Mental illness is like any other ailment. If one has a bone problem they go to an orthopaedic surgeon. If it is pregnancy, they go to a gynaecologist. Indeed, there is a type of mental illness which comes just after a woman gives birth. She should see a specialist. If it is the mind that has a problem, they should see a mind doctor- a psychiatrist. There should be no stigma attached to go to a psychiatrist hospital. A mentally ill person should not be taken to a pastor or a babalawo to cast out spirits. Mental illness is not caused by spirits. There are prescribed medications for treating the mentally ill. Sometimes, it is a long haul, lasting a lifetime. It could also clear within a year or two, depending on the severity of the nature of mental illness.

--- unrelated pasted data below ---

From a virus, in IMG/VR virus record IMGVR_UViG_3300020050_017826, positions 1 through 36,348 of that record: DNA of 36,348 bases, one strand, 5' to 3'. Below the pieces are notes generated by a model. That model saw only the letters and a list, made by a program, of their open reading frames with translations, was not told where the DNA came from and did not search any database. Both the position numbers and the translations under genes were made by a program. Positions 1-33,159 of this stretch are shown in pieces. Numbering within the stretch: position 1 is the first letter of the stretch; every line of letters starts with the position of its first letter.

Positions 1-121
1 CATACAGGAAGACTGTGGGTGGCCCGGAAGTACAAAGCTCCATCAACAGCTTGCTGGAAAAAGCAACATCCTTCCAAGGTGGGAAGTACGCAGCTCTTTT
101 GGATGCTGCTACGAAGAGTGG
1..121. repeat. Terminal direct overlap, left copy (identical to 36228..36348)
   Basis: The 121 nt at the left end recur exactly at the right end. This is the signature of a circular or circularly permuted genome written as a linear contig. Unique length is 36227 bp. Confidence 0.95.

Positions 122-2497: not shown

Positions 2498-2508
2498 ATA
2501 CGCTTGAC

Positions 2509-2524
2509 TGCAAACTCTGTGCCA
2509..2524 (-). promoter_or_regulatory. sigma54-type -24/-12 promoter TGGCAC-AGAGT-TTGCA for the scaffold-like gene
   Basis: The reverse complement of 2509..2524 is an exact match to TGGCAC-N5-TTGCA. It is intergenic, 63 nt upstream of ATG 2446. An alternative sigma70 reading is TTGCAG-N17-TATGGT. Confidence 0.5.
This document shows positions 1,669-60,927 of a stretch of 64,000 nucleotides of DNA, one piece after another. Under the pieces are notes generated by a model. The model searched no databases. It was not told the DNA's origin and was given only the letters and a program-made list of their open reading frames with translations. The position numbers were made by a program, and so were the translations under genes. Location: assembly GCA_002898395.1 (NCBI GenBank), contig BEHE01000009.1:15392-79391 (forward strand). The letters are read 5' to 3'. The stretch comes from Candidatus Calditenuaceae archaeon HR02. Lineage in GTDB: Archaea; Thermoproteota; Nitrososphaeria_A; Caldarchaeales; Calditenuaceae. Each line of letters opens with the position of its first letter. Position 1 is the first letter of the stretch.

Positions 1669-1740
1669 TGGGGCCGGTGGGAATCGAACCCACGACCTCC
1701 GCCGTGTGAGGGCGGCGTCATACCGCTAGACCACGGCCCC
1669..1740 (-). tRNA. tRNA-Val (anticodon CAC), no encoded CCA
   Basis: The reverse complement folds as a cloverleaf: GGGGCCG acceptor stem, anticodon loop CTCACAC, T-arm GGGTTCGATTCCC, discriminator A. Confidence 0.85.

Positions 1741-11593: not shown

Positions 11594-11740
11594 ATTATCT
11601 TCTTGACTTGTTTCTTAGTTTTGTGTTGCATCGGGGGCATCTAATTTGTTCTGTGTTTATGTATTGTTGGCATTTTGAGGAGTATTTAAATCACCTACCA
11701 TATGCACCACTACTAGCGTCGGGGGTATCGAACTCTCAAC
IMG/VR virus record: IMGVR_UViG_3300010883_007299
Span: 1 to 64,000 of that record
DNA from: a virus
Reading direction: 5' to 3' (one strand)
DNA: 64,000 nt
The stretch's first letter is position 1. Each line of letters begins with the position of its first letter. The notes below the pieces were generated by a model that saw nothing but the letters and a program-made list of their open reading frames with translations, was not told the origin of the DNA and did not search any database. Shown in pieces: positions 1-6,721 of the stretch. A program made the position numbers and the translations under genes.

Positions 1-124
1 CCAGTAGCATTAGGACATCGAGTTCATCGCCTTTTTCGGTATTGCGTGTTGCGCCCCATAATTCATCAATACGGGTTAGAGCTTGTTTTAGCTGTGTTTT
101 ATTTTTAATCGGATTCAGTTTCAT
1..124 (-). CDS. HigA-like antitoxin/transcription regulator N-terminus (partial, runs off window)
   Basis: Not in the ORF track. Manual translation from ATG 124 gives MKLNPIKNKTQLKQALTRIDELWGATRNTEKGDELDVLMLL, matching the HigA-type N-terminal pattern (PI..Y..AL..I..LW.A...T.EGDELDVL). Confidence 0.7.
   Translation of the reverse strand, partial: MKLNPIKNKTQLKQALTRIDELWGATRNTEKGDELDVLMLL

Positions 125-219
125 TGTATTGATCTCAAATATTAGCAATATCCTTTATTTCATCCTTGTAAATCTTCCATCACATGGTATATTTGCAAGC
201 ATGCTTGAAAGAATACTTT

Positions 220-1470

Finally, let us spread the awareness. Mental illness is not infectious nor is it something to be ashamed of. It is just like any other disease. As the slogan goes, there is no health without mental health. There is not enough information about mental illnesses in the country. There is also too much superstition about mental illness, even among some highly educated people. This therefore is a clarion call to everyone to take their mental health seriously. Traumatic videos and pictures should be avoided. Government should take mental health seriously. At the individual level, seek help if you hear voices.